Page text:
MONTPELIER, Vt. (WFFF) — Health leaders in Vermont don’t have a crystal ball to forecast this year’s flu season. They say only time will tell, but the word “twindemic” is on their radar, as COVID remains prevalent and the two illnesses could collide.
“We think that the decreased mask-wearing might open the door to more flu this year than compared to last year,” said Dr. Tim Lahey, infectious disease physician at UVM.
Dr. Lahey says it’s no secret that fewer Vermonters are wearing masks. This time last year, mask mandates were in place and there were no vaccine appointments in sight. Lahey believes that since preventive measures were at a high, flu activity remained low.
“Last year, as an infectious diseases physician, I did not see one case of influenza,” Dr. Lahey said. “This was the experience around the world, we think, because so many people were wearing masks and doing social distancing that influenza didn’t happen at the same time as we were preventing COVID-19.”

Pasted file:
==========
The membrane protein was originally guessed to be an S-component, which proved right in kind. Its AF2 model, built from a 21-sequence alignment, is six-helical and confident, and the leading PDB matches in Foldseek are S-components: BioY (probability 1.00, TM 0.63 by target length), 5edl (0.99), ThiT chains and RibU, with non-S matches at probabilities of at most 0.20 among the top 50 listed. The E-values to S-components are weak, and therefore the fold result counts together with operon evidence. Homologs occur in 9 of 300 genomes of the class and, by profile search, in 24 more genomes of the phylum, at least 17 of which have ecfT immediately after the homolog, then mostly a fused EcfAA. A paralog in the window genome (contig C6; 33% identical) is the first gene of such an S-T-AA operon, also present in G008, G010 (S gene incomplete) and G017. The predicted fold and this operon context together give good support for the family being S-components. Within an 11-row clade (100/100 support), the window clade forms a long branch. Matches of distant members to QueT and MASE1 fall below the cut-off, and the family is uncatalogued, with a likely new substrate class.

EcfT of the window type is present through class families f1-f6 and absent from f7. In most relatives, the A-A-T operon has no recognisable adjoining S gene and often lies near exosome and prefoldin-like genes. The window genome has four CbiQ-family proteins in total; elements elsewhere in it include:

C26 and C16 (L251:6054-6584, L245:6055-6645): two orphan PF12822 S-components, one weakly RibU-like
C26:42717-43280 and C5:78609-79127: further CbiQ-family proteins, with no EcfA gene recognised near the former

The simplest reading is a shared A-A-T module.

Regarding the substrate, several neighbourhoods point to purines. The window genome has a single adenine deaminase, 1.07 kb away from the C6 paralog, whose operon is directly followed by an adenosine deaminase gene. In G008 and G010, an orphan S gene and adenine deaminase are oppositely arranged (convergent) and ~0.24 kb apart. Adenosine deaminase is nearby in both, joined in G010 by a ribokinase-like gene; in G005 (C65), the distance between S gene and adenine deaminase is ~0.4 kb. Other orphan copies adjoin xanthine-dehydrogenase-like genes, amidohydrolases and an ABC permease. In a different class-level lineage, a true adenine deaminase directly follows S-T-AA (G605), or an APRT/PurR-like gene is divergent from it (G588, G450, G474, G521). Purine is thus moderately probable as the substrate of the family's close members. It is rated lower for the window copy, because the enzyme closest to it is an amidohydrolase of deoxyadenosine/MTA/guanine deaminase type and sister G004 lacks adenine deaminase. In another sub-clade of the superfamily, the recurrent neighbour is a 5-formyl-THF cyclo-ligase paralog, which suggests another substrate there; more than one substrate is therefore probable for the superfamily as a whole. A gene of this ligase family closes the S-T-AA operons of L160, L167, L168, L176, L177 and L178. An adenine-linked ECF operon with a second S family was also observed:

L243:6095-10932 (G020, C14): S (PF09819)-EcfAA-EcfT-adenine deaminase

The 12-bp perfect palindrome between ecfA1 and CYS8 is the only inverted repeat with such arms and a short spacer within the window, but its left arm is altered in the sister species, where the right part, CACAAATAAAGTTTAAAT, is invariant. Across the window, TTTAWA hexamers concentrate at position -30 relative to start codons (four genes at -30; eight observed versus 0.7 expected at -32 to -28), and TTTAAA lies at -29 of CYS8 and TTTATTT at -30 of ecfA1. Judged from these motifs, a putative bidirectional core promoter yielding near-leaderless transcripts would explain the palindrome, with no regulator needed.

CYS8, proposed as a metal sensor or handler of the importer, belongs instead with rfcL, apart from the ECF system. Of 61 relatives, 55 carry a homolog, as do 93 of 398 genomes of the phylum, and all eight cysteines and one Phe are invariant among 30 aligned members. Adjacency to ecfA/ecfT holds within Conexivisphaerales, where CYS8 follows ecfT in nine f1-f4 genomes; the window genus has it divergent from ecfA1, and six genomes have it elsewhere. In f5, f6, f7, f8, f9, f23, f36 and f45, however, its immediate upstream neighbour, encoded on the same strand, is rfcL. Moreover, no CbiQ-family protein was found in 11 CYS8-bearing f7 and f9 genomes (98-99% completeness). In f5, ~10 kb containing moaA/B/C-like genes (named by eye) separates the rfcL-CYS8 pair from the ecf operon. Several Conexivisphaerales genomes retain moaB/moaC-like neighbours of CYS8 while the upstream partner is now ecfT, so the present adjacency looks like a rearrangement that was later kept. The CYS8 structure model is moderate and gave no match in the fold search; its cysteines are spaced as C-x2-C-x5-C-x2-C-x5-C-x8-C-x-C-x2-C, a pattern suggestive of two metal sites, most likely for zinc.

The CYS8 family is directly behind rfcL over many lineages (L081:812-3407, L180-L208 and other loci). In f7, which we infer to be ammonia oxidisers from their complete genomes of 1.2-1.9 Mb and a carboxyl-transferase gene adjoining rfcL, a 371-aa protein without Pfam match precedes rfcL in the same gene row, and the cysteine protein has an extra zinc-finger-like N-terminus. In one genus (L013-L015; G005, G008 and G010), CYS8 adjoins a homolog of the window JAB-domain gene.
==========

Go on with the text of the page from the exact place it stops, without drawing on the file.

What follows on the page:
The doctor adds that Vermonters did not build any immunity due to last year’s lack of flu. But, is it safe to get the influenza vaccine if you’re also considering a dose of the COVID vaccine, or due for a booster? Vermont’s health commissioner, Dr. Mark Levine says it is.
“Getting them together has the advantage of one-stop shopping and you might forget about it if you decide to delay it,” Levine said. “The month of October is the time we would love to see everyone get the flu shot.”
Levine says this year’s shot protects against two strains each of influenza A and influenza B. He’s also turned to the southern hemisphere to look at Australia’s flu season. It’s already come and gone, since seasons are reversed. “They did not have that big resurgence of flu this year which has been a little comforting for me to hear,” he said.
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